Making the Team | Constantly seeking partners

Verizon Federal uses events, Web traffic to gather subs

Making the team

Verizon Business Federal (A unit of Verizon Communications Inc.)

How many small-business partners do you use?

About 600 companies: half from legacy Verizon Business, half from MCI WorldCom after the merger earlier this year.

» Key personnel:

Gail Freeman-Parker, director of federal contracts Susan Zeleniak, vice president of civilian networks

» More information:

Contact Denis Stasulis at denis.stasulis@verizonbusiness.com.

www.verizon.com/supplierdiversity

» Outlook:

Upcoming projects focus on network system design, power design, server management, database management, inventory and asset management as well as other services. Some projects require expertise in installation and maintenance of Cisco routers and other products.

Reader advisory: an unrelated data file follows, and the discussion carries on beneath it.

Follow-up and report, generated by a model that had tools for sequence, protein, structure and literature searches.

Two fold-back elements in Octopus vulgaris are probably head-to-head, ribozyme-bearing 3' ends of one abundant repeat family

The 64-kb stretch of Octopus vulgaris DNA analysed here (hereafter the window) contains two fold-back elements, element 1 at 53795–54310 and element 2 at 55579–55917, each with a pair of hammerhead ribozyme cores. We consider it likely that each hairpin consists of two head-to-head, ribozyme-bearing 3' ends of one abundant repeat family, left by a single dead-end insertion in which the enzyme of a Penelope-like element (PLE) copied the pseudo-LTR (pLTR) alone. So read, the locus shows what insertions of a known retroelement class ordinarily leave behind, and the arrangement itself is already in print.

» Projects:

Homeland Security Department's data support center Army National Guard's voice over IP public branch exchange National Institutes of Health's staff augmentation

» Special requirements:

Many projects need technical personnel with secret and higher clearances.

» When do subcontractors become involved?

Partners are selected early in the proposal process.

Susan Zeleniak (left) and Gail Freeman-Parker of Verizon Business Federal are on the hunt for partners as the company prepares for a bevy of upcoming contracts.

Rick Steele

During the month of October, Verizon Communications Inc. will participate in eight supplier diversity events from Sacramento, Calif., to Tulsa, Okla., to Philadelphia. That twice-weekly meeting crunch encompasses a search for partners for the telecommunications giant's entire operations.